May 21, 2012, 5:00 pm
As I mentioned in my last post on improving our comments policy, I had my say about Naomi Schaefer Riley’s work roughly a year ago (Giggling at Stereotypes). Over time I think most reasonable observers will agree that the issue with her work isn’t one flawed post, but a history of offenses against academic norms.
Together with shameless hit pieces like The Faculty Lounges, her assault on African-American Studies was not an exception, but a repetition, of serious blunders against both academic and journalistic values. I wouldn’t have hired her, and I’d have intervened in her efforts earlier. Her work was ideological first and foremost. As others have observed, the question isn’t why she was fired; it’s why she was hired.
Many of us in higher education get to our ideologies as a result of our research: we think “reality is broken” in some way, to use Jane McGonigal’s phrase, and we…
May 16, 2012, 9:30 am
Not everyone writes to provoke, but provocative writing is common in the blogosphere, including the segment of blogging for traditional news and opinion outlets. Editors’ goals for bloggers resemble their aims for columnists. Generally they want to hire someone whose edginess is both deniable and claimable—not one of our reporters, but one of our loosely affiliated thinkers.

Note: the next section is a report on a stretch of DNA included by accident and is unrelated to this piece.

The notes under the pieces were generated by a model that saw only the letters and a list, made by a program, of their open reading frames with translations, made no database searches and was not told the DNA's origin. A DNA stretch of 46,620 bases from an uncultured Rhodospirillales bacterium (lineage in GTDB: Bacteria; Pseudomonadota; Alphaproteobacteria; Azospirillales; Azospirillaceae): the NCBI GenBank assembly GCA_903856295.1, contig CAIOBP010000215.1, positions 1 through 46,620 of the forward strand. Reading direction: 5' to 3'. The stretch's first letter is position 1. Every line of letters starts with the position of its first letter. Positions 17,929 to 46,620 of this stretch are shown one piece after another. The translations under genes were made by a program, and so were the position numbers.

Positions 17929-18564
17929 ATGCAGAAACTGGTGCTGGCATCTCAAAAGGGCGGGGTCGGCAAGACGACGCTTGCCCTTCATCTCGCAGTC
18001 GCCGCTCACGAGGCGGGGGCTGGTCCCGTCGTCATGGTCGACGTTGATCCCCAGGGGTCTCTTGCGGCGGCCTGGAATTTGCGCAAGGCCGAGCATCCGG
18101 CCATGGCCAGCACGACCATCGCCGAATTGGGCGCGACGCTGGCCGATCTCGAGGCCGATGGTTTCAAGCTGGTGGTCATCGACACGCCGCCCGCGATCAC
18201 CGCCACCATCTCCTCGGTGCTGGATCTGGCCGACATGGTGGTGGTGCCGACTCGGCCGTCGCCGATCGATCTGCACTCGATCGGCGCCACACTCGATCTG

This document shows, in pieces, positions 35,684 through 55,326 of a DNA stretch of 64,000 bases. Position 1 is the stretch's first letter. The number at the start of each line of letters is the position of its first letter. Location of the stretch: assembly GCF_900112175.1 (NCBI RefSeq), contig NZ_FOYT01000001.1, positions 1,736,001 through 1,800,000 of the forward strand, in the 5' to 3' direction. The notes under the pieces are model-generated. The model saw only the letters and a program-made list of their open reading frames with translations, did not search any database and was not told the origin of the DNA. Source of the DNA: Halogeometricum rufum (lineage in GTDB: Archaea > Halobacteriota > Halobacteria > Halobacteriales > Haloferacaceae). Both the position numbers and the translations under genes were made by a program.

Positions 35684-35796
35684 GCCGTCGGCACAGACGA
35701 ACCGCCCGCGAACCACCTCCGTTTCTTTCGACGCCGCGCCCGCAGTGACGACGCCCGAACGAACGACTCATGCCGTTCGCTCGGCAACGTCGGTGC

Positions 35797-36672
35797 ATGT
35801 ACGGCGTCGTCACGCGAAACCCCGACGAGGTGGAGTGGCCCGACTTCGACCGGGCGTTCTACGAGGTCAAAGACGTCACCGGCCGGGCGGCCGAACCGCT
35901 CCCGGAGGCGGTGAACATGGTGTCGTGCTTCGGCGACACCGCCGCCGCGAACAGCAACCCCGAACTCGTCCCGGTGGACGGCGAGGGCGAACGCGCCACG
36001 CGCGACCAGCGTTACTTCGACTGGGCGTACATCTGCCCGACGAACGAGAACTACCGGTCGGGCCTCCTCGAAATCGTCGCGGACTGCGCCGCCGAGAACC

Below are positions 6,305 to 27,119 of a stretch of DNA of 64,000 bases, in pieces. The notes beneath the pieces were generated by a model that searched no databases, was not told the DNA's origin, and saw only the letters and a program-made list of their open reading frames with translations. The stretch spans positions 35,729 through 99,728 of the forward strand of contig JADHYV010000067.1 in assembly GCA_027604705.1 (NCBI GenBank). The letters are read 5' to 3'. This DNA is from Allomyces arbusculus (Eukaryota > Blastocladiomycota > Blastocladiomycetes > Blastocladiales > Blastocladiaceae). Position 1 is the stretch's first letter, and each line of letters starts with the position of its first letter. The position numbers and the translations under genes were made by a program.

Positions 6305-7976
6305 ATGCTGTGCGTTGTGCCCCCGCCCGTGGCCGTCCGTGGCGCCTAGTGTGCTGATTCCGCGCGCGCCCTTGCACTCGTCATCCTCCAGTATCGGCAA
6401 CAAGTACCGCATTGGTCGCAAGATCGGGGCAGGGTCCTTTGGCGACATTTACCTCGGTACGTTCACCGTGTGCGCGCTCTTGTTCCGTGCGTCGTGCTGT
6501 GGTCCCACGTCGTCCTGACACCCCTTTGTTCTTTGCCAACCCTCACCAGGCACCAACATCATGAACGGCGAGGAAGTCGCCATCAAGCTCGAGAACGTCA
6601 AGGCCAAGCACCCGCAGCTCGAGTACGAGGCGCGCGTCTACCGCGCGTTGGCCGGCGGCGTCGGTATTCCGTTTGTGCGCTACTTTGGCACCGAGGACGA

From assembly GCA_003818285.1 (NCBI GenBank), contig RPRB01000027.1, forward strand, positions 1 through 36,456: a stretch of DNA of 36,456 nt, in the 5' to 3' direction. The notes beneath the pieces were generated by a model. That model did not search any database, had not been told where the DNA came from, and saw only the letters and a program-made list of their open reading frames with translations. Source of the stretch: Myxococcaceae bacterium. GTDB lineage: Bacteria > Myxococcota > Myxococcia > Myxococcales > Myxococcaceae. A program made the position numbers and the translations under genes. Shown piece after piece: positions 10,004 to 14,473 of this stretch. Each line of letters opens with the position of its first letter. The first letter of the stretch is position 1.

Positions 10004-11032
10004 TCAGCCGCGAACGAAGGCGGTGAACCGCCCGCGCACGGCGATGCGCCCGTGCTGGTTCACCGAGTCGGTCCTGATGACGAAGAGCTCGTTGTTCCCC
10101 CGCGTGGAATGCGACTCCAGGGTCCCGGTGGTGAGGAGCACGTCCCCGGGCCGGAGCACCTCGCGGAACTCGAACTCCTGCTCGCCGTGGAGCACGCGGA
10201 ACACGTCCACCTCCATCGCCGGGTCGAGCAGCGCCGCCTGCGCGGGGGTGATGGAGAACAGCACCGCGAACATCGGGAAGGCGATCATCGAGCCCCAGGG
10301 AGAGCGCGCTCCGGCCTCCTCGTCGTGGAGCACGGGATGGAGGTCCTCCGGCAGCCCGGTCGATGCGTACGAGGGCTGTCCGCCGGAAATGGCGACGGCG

That dynamic tension is mirrored in commenting policy. Most provocative bloggers push buttons and boundaries in order to provoke reader reaction, yet moderate the responses they provoked. From the perspective of the provoked, that can feel arbitrary: You casually mishandled or demeaned my beliefs, but I can’t call you or the persons who agreed with you an ugly name? That’s not fair!
On the other hand, bloggers who moderate their comments typically do so because they value the quality of the conversation…
May 4, 2012, 11:13 am
Is Brainstorm racist for publishing racist attacks?
I have been struggling with this question ever since my fellow blogger Naomi Shaefer Riley wrote a breathtakingly unfounded attack on graduate students working in Black Studies and went even further to call for the elimination of Black Studies all together. Normally I ignore the sort of blogs Ms. Shaefer Riley writes, even when they are about me. I ignore her mostly because I think there are far more important things to write about than bloggers at the Chronicle, but I also ignore her because her blogs are more attack than argument and have the same intellectual weight as Fox News broadcasts. Don’t get me wrong. I believe conservative arguments can have all sorts of intellectual merit. But there is a difference between an analysis of Black Studies as a field and the complete dismissal of an entire discipline without ever reading any…